Organisational culture

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  2. 2. WHAT IS ORGANISATIONAL CULTURE? A common perception that is held by the members associated to the organization. There is also something that is called a subculture which is the miniculture within the organization that is defined by the department designation and geographical separation. A strong culture is the one in which companys core values (primary values) are strongly held and discussed. 2
  3. 3. Origins of Organizational Culture Origins lies with: The founder who got strong values and vision External environment for example : Customer demand. Nature of the work and mission and the goals of the organization 3
  4. 4. Typical American Organizational Culture U.S. companys decision making is quick. Contribution of individual is very important as linked to company goals Focus on Return On Investment (ROI) or the end result. Even if they are not sure, they make sure to complete the task given. U.S. is multicultural, which means there are so many different way to think. The meetings are fewer and less time. Contacting clients by email or on the phone more natural in conducting business Work-Life balance is a must. 4
  5. 5. Typical Japan organizational culture Decision making is in stages, cautious and conservative backed by meetings and documentation. Require individual contribution to the whole group. Japanese also focus on ROI, however, they emphasize the process on how to get there. If the Japanese feel that its possible to achieve most likely 100%, they dont say Yes. Basically a Japanese company is organized by Japanese. Meetings are very common in large companies. They dont permit working at home. In Japan, priority is on the work life. It is given work is the center of life. 5
  6. 6. Theory Z of William G. Ouchi Sociological description of the humanistic organization Based on both American and Japanese style of management. This theory can lead to : greater employee job satisfaction, lower rates of absenteeism Higher quality products. Better overall financial performance for U.S. firms adapting It. 6
  7. 7. Features of Theory Z Long term employment : Employees should not be treated as replaceable cogs in profit making machinery. Companies should make life long commitment to them and expect loyalty. 7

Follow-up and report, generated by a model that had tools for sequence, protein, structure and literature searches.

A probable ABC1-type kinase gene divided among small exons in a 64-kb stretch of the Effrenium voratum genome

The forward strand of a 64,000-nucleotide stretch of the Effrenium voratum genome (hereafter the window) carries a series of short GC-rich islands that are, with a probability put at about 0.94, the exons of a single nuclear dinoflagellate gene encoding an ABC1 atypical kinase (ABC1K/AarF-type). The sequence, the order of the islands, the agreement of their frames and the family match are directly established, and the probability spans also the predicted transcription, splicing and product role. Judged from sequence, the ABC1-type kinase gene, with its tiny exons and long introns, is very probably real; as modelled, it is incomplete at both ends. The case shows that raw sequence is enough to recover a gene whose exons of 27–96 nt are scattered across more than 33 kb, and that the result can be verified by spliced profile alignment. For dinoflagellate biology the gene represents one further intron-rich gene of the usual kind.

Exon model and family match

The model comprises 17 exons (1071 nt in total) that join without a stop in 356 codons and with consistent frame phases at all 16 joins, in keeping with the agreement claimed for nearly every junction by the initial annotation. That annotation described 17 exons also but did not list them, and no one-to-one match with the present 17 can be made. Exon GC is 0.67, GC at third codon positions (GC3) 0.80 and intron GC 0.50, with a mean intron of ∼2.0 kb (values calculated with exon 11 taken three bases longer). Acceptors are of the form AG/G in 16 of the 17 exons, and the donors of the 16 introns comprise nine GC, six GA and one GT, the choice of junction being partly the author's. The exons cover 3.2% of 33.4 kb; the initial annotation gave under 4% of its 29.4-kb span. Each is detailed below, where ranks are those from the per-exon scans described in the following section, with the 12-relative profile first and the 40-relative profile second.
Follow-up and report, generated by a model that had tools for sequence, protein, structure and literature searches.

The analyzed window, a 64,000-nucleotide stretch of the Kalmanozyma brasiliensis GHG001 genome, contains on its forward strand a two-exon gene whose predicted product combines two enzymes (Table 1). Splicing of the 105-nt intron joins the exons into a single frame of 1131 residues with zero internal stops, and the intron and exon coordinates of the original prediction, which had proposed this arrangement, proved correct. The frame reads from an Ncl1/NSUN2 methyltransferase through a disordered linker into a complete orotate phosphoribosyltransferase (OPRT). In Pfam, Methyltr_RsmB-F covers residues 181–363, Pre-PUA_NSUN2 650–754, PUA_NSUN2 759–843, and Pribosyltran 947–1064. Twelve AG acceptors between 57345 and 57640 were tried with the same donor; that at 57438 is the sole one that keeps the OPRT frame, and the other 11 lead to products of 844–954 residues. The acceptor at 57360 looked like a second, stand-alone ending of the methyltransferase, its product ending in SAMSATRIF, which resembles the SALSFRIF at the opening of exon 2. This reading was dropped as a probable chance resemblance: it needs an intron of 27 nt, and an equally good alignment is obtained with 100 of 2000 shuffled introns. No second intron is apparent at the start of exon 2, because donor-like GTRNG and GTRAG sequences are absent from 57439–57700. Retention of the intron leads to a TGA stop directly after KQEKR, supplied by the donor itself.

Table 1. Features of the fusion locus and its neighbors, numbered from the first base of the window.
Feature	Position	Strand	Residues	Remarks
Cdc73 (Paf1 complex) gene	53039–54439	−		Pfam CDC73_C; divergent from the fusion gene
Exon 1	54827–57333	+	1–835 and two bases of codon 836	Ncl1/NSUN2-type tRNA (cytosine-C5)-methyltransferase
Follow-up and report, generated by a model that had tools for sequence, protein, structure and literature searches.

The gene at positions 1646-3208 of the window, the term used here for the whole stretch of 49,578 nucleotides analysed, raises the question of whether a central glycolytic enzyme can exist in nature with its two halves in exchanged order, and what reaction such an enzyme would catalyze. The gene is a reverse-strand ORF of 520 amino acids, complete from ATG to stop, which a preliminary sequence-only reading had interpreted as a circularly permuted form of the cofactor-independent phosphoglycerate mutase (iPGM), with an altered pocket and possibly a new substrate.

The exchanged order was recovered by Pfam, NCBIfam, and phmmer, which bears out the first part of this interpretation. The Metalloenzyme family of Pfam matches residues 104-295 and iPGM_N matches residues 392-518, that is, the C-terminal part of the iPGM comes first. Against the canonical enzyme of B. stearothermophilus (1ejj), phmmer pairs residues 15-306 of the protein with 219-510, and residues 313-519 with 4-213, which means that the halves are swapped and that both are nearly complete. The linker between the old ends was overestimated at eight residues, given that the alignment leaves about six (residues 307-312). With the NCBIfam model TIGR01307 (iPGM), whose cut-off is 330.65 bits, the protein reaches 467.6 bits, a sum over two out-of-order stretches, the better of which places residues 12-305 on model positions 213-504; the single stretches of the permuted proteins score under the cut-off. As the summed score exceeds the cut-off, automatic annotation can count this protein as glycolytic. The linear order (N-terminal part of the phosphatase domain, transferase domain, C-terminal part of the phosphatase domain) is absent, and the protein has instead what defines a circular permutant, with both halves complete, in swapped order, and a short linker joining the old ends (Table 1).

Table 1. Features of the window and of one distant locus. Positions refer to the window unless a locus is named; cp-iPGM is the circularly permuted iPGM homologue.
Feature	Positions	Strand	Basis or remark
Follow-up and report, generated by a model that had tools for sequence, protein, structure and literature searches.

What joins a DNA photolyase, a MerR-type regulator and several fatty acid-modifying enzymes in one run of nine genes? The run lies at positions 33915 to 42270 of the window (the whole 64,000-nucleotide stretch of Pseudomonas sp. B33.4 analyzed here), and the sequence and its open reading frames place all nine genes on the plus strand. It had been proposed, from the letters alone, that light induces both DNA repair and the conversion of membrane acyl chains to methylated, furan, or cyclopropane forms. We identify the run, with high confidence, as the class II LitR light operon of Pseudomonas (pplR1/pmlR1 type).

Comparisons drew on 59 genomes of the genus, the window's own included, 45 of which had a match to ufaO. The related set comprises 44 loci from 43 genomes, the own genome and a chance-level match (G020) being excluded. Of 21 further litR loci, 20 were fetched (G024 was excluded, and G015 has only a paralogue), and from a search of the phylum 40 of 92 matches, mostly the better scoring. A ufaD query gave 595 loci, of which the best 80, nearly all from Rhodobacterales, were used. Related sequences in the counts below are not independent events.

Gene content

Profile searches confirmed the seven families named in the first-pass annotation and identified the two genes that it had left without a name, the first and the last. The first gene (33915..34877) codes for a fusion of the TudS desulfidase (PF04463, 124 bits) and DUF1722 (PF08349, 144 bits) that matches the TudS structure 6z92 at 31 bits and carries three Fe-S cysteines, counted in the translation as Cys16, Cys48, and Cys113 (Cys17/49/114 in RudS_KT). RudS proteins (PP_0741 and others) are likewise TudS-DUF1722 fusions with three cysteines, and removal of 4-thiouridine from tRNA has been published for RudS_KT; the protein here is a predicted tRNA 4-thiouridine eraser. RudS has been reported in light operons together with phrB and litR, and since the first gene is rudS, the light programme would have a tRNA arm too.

8. 8. Consensual Decision Making The Type Z organization emphasizes communication, collaboration, and consensus in decision making 8
  9. 9. INDIVIDUAL RESPONSIBILITY Type Z organizations retain the emphasis on individual contributions that are characteristic of most American firms by recognizing individual achievements 9
  10. 10. INFORMAL CONTROL WITH FORMAL ORGANIZATIONS The Type Z organization relies on informal methods of control, but does measure performance through formal mechanisms. 10
  11. 11. MODERATELY SPECIALIZED CAREER PATH The Type Z organization adopts a middle-of-the-road posture, with career paths that are less specialized than the traditional U.S. model but more specialized than the traditional Japanese model. 11
  12. 12. HOLISTIC CONCERN The Type Z organization is characterized by concern for employees that goes beyond the workplace. This philosophy is more consistent with the Japanese model than the U.S. model. 12
  13. 13. Significance of organizational culture Communicates info about overall acceptable and unacceptable behavior. Provides common frame of reference for managerial decision making. It generates heroes. Enhances the stability of the social system. Defines the boundary between two organizations 13
  14. 14. It is not significant also!!!!! It acts as a barrier : To change To mergers and acquisitions To diversity. 14
  15. 15. ORGANISATIONAL MODEL Harrison gives an organizational model. Indicates that the four dimensions of culture orientation are measured. Measured with two modes of operation, Formalization Centralization 15
  17. 17. POWER CULTURE Represented as spiders web with all important spider siting at the centre The closer you are to the spider, the more influence you have. People response quickly to the situations,but depends on people at centre. Performance is judged on results Success is accompanied by low morale and high turnover. 17
  18. 18. ROLE CULTURE Represented as building supported by columns. Each column has a specific role playing keeping up the building Position is the main power source Efficiency based on rationality of the allocation of work and responsibility Successful in a predictable market Role culture finds it difficult to respond to change. Frustrating for ambitious people 18